Captain Pieter Dekker is in charge of the newest vessel in the Geos Group fleet, the Thun Blyth. Born and raised in Holland, he attended nautical college and started sailing with a chemical tanker company in the 1980s, becoming a Master in 1998. “I then spent a few years ashore in office jobs like Quality Manager and Crew Manager,” he says, “but I thought, this is not for me. So, I joined MF Shipping Group in 2014 – just in time for my licences to still be valid – and I’ve been on this size vessel ever since.”
The ship’s Captain is responsible for everything that happens on board, including sailing between ports, loading and discharging the fuel, and managing the crew. “In port, it’s mostly manoeuvring the vessel, arriving or departing,” says Captain Dekker. “When at sea, there’s a lot of reporting that takes up quite a bit of time – whether it’s about cargo, or with the technical department or management company – there’s a lot of reporting and liaison between the Chief Engineer and Superintendent, the ship’s agents and Victoria at the Geos Group.
“The cargo operation itself is usually done by the Chief Officer and Deck Officers, so for the Captain it’s a matter of keeping an eye on things and keeping the proper people in place. We have a very small crew, so although the majority of communications are done with the Chief Officer and Chief Engineer, when operating the ship, you work with everybody.”
There are 10 people on board the Thun Blyth, mostly from Russia, Holland, Ukraine, Poland and the Philippines. The officers work two months on, two months off, and for the crew it’s four months on, two months off. Normally, seafarers fly home during their time off, but this has not always been possible during the pandemic. “We are quite lucky that we are trading here in Northwest Europe,” says Captain Dekker, “if you’re in Asia, crew changes have not been possible for the last year and a half. Some people have not been home since Covid started – there are some vessels that have had people on board for more than a year, without being able to go on land or go to an airport – that is quite some time.”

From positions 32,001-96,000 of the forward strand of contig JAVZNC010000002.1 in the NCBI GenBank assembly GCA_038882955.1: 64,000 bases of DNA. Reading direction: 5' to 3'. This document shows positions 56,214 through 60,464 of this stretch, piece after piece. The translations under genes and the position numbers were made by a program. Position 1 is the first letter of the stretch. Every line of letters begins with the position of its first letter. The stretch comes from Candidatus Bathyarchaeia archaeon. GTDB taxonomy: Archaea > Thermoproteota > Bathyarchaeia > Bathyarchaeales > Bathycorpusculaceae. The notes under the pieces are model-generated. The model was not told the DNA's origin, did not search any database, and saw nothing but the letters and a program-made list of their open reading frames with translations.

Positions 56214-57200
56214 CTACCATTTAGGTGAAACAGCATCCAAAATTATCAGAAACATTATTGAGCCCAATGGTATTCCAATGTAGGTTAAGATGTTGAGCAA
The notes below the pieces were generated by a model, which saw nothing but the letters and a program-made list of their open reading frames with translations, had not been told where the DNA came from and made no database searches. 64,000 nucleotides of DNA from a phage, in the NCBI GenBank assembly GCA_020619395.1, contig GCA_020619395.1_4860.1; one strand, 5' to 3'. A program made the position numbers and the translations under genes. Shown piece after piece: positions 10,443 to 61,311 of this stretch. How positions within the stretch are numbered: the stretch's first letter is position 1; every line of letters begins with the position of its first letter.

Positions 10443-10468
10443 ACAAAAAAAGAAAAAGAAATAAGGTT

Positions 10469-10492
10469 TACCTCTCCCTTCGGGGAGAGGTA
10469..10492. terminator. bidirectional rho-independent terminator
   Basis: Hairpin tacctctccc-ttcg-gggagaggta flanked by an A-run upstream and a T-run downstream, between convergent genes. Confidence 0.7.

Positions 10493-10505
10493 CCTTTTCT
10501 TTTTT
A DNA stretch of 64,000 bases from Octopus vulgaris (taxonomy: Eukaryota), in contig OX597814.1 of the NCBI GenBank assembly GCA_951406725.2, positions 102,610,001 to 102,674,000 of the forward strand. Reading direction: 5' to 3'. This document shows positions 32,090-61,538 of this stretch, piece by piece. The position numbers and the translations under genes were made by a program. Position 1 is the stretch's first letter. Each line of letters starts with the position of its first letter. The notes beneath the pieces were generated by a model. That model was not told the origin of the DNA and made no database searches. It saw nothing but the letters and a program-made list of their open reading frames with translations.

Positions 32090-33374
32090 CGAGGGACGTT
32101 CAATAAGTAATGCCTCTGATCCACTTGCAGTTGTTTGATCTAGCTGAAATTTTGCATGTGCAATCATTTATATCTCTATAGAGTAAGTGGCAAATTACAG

Each member of the crew has their own cabin with a bed, desk, TV and bathroom, and there is also a mess room and a galley where they get together to eat and relax. Fresh food is collected when the vessel is in port. “Sometimes we order the larger amounts and have it delivered,” he says, “but yesterday we were in Stornoway so it was a matter of having a few people with shopping bags from Tesco. We basically eat the same as what we eat at home. We have one Cook on board and he is from Russia, so he tends to do a little more Russian food than Western European food – anything from schnitzels to goulashes or Italian meals.”
The Thun Blyth is equipped with NaabsaMAX (not always afloat but safely aground) technology, which enables her to call at tide-restricted and smaller niche ports, so Captain Dekker and his crew spend much of their time sailing between the oil refinery at Immingham and the Scottish islands. A keen photographer, he always keeps his camera (and now a drone, too) close to hand, so that he can capture the view from the bridge: the ports and seascapes, birds and wildlife, other ships passing by, a beautiful orange Hebridean sunset.
When he isn’t on board the ship, Captain Dekker goes home to spend time with his family in Holland: “I live in Zaltbommel which a nice small place on the river, I’ve been living there for 30 odd years. Now and then my wife and I go away somewhere on holiday – we’ve travelled to Norway, Scotland, Spain, basically everywhere in Europe – but most of the time I’m perfectly happy just being at home.”
Read about Captain Joanna Makal and life on board the Thun Grace